mta bus operators

AIDED BY OLD BLOOD: While these Bus Operators who were about to graduate from the Zerega Bus Maintenance and Training Facility in September were soon joined by 20 retired Bus Operators and Train Operators--coaxed back for three-month stints by payments of up to $35,000--New York City Transit remains shorthanded as it tries to return to pre-pandemic service levels.

Twenty retired transit workers have accepted a Metropolitan Transportation Authority offer to return to work as Bus Operators or Train Operators for three-month periods in which they can earn up to $35,000 while still collecting their pensions, a step taken to deal with personnel shortages in those jobs.

The offer, first extended Sept. 21, came as part of the agency's effort to maintain service in the wake of the coronavirus pandemic's toll, which caused the death of more than 100 New York City Transit employees and sickened thousands of others.

Forced to Curtail Runs

Even as ridership moved back toward pre-pandemic levels as the city's economy opened up, a lacked of trained bus drivers and Train Operators forced the MTA to cancel hundreds of runs daily both above and below ground.

"I still have not seen any retirees come back," said J.P. Patafio, Transport Workers Union Local 100's vice president for TA Surface. "The MTA has been hiring at a rapid clip, with between 50 to 75 new trainees every two weeks and by the end of the year they won't be at 100 percent, but they will be close. They are doing double staff training, which they have never done before, but there still are open runs and they are not out of the hole."

He traced the personnel crunch at the agency pre-pandemic to the "corporatization of the MTA under [then-Gov. Andrew] Cuomo when he brought in outsiders who didn't know what they were doing and removed those who did."

"As long as it doesn't undermine seniority and not undercut an active member [on matters] like their overtime, I personally have no qualms about it," said Bus Operator Roberto Martinez, who is challenging Mr. Patafio in the Local 100 election. "I will take experience over compromising safety while new operators become more seasoned."

'Short on Managers'

MTA retiree Ed Melendez can appreciate both the union's and management's positions but has no plans to return to the agency.

He spent 15 years as a Bus Operator and also served as Local 100's vice president of TA Surface, before retiring three years ago as New York City Transit's Chief Transportation Officer.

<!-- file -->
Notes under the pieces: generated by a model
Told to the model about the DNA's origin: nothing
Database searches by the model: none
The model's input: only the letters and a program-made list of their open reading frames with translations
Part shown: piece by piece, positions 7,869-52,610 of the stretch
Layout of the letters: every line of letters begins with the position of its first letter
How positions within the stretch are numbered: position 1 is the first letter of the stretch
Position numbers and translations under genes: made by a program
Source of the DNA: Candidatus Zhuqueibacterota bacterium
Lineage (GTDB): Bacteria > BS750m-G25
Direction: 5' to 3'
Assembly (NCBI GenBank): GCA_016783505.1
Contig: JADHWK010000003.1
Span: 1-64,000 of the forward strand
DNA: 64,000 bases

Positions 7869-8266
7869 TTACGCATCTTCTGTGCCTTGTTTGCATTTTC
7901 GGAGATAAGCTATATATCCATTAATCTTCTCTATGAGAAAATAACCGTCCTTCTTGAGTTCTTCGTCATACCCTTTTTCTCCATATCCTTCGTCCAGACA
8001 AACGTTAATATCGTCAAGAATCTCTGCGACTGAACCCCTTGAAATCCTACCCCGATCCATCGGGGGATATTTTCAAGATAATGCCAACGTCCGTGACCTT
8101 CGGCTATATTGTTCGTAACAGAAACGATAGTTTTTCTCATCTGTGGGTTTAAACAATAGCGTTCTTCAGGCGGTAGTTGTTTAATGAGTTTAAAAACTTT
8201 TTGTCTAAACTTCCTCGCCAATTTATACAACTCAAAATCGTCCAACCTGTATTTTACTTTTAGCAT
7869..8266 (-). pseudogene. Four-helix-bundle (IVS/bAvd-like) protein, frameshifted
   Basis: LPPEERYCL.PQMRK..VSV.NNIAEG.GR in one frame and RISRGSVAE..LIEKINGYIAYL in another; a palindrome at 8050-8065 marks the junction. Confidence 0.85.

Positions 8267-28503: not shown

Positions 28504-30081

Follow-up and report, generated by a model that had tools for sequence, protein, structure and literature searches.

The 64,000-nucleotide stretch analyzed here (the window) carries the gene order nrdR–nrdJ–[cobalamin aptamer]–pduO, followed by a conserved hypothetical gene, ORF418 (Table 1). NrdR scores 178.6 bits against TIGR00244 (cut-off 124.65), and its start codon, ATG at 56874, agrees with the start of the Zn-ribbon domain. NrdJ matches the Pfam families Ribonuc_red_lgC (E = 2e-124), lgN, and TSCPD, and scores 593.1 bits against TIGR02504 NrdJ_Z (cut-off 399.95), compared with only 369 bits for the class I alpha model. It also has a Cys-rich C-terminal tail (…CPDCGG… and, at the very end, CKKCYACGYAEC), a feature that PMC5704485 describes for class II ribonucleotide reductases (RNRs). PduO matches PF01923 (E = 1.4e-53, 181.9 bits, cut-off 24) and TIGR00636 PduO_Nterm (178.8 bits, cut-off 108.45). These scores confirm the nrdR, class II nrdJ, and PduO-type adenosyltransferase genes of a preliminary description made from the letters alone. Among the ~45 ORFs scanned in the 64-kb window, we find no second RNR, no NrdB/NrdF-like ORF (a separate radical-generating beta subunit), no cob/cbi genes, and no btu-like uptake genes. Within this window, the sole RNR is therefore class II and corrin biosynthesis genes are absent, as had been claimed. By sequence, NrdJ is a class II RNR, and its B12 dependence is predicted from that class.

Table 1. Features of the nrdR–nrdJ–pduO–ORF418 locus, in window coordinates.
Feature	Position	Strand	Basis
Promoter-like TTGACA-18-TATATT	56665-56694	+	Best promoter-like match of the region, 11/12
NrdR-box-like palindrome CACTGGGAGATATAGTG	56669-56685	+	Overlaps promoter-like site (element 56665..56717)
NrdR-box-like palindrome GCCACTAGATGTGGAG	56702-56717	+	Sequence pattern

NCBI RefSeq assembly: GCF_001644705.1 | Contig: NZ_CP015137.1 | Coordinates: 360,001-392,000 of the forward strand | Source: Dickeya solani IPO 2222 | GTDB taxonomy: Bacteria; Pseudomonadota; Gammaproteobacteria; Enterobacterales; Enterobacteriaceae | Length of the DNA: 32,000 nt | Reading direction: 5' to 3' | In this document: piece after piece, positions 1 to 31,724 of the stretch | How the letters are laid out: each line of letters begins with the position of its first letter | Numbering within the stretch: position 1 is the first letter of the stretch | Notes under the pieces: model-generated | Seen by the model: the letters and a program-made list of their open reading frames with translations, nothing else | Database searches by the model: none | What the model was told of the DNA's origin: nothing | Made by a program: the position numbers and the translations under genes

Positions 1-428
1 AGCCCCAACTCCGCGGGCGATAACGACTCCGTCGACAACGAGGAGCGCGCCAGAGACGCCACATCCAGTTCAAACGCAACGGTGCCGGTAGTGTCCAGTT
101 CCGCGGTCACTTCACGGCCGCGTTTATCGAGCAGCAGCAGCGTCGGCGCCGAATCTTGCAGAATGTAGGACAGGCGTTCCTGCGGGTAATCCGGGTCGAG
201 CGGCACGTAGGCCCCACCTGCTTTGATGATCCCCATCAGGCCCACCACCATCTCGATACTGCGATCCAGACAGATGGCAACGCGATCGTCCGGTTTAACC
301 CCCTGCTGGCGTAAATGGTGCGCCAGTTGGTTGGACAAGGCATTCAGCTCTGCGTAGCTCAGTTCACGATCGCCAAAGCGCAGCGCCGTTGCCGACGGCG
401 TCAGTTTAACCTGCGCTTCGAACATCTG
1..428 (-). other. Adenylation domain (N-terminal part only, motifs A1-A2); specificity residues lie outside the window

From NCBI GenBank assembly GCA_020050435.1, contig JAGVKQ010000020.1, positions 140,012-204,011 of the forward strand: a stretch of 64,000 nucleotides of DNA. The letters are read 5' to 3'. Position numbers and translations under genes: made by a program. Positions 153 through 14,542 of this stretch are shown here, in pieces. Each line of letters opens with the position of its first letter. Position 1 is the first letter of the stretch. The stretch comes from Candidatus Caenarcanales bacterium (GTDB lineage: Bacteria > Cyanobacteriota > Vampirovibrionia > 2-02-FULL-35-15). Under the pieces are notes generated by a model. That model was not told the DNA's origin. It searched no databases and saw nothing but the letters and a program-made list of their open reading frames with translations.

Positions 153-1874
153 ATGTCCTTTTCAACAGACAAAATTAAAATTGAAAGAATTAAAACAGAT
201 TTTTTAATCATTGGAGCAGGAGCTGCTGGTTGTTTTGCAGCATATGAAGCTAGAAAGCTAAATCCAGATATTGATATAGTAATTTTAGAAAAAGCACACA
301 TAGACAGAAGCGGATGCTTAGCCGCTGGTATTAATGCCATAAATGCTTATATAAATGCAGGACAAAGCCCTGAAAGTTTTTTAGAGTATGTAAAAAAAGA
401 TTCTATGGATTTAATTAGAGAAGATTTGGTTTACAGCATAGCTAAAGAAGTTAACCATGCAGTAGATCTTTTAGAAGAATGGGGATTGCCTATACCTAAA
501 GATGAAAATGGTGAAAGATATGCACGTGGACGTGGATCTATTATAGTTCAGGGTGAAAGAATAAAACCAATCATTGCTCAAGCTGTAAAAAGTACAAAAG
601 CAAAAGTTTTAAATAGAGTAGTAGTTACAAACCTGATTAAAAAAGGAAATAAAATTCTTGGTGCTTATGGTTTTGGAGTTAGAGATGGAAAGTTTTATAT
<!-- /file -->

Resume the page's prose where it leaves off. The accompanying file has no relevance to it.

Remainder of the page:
"They are very short-handed, especially in the managerial ranks, and they are catching hell because of the lack of experience throughout the system when old farts like me, with 40 years' experience, left," he said. "I have zero interest in coming back and being 'Mr. Fixit.'"

The New York Times recently reported the MTA offer to retirees was part of a national trend, with New Jersey Transit offering $6,000 signing bonuses and Houston's transit system trying to entice bus drivers and light rail operators with "incentives up to $4,000, while hard-to-find mechanics have been offered up to $8,000."

Mandates Also Play Role

"The nation's transit agencies are rushing to hire train operators, bus drivers, mechanics and other workers as they try to fill critical vacancies and rebuild a workforce that has been battered by the pandemic," the newspaper reported. It noted that another factor in the shortages was "vaccine mandates in some cities that have forced unvaccinated transit workers to take leaves."

"I've never seen this type of shortage," John Costa, the international president of the Amalgamated Transit Union, told the Times. "It's affecting communities—if we're having shortages, that means it takes longer to get somewhere."

TWU International President John Samuelsen is concerned that the labor crisis is being exploited by "Wall Street investors and tech companies who used the virus's impact to promote technology, like driverless trains and buses, "that won't be really viable for years and will seriously undercut millions of workers in the process."

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